It is my usual policy to ignore attacks on my work, as such things don't deserve the additional attention of a response, but since in her comprehensively ignorant review of The Iowa Anthology of New American Poetries ("Bad Habits," January 2005), which I edited and introduced, Danielle Chapman attacks the work of many poets whom I admire, and furthermore seeks to dismiss an entire mode of writing, I have decided to make an exception.
Chapman's lack of a grasp of something as basic as the connotations of analogy (not to mention her fundamental lack of seriousness) is apparent in her comparison of reading the anthology to watching someone masturbate, an experience for which many people gladly and repeatedly pay large amounts of money. If reading the anthology is indeed analogous to such an experience (I am assuming that the person being so watched is attractive), that is high praise indeed, and I expect soon to be quite wealthy from the proceeds.
But humor aside (and Chapman's lame attempts at humor are best left to the wayside), Chapman's analogy does raise the question of pleasure in the experience of reading poetry. Unfortunately, it does not occur to her that pleasure is exactly that—a question, and not a given. Wallace Stevens wrote of the supreme fiction that "It Must Give Pleasure," but wisely did not define the nature of such pleasure, because such things cannot and should not be delimited in advance: "To sing jubilas at exact, accustomed times,... // This is a facile exercise." It is these accustomed jubilations that Chapman seems to expect of poetry. The pleasure of being shaken out of one's complacencies is one whose possibility she apparently has never considered.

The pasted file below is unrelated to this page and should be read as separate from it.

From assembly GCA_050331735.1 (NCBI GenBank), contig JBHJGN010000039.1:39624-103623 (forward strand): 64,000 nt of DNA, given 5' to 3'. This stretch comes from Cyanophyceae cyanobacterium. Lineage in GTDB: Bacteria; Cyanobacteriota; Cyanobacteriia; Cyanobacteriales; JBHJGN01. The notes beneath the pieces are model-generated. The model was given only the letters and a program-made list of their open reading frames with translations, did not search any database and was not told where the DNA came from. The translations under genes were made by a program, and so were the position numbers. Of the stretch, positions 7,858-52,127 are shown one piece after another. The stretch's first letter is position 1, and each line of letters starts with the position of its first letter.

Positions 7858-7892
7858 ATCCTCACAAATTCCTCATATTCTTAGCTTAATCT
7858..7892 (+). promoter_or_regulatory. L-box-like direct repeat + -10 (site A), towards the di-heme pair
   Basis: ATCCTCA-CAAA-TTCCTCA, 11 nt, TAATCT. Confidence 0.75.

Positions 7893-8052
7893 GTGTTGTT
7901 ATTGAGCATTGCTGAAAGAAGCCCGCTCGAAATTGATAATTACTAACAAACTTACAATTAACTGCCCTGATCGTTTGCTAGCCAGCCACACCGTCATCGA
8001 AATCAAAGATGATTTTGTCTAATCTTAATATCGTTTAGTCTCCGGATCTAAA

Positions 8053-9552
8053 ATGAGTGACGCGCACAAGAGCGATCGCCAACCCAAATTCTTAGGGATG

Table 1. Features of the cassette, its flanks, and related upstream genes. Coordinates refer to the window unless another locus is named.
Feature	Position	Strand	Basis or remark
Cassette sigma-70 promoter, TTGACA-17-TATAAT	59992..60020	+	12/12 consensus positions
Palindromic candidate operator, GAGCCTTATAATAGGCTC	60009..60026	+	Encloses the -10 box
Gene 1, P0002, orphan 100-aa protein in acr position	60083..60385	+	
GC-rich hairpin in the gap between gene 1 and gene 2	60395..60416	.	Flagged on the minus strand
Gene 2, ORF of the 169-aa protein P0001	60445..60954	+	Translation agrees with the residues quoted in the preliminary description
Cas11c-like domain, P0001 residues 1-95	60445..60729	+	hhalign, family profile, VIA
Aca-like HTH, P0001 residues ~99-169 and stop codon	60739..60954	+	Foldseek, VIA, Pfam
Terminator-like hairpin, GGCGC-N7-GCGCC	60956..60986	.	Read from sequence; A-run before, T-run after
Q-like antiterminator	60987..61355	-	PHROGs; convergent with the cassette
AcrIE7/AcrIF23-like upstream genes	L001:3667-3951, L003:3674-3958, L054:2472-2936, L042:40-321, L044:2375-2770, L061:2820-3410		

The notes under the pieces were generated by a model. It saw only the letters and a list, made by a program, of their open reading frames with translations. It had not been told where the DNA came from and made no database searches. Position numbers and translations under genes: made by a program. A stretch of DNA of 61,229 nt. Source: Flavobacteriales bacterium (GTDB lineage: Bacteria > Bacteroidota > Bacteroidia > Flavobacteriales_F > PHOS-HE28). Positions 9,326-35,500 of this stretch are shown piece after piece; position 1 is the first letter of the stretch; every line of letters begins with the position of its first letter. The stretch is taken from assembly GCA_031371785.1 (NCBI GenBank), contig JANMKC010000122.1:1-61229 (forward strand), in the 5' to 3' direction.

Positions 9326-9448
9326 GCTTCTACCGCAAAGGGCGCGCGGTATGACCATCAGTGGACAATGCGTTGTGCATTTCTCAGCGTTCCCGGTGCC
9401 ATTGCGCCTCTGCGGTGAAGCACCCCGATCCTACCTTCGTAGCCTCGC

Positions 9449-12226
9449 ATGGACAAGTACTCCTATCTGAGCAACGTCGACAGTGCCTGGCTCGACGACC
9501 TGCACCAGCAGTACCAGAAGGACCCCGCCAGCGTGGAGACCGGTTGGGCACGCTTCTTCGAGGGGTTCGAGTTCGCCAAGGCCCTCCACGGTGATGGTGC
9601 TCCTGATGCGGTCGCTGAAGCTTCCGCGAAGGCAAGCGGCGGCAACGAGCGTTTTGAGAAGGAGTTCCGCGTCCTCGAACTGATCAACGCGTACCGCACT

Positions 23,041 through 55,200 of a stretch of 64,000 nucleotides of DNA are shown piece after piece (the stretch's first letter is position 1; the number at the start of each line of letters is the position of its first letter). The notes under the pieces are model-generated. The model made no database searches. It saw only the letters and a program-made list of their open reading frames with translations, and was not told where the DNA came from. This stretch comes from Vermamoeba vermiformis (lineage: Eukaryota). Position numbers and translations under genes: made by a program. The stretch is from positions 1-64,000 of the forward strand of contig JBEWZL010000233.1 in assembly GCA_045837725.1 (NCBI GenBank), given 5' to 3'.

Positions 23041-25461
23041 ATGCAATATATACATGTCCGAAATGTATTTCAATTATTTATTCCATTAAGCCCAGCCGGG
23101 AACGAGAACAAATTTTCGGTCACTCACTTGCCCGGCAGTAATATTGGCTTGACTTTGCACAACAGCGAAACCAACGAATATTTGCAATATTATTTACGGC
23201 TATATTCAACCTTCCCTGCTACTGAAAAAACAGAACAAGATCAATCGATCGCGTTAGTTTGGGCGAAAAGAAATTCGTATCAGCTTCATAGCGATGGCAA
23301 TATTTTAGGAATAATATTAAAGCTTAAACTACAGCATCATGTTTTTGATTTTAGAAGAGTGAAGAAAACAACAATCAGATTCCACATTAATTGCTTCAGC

Indeed, consideration—in the sense of thinking through a question whose answer one has not determined in advance, of experiencing something without having already decided upon one's response— is exactly what is missing from Chapman's review. For example, she makes a great deal of the notion that in the poems contained in this anthology "thought masters feeling," and asserts that "philosophy, not poetry, is the vehicle for abstract thought," thus repeating the notion shared by my students that poets shouldn't think. Apparently, reviewers of poetry shouldn't think either. In my introduction I argue against this simplistic dichotomy between emotion and intellect, as did T.S. Eliot in his famous essay "The Metaphysical Poets," in which he writes that for a poet like Donne a thought was an experience. The work of many poets included exemplifies their refusal to be hemmed in by such facile binaries, and their awareness that the personal and the intellectual are not contradictory: as Stevens writes, "it was not a choice/Between excluding things." Chapman, however, seems to have noticed none of this. She simply takes such an opposition of thought and feeling (one that I for one find untrue to my own experience) for granted, seeing no need even to argue for it: a sign of sloppy reading and of sloppy thinking. Eliot wrote that the poet should be as intelligent as possible; the same should go for reviewers and critics of poetry.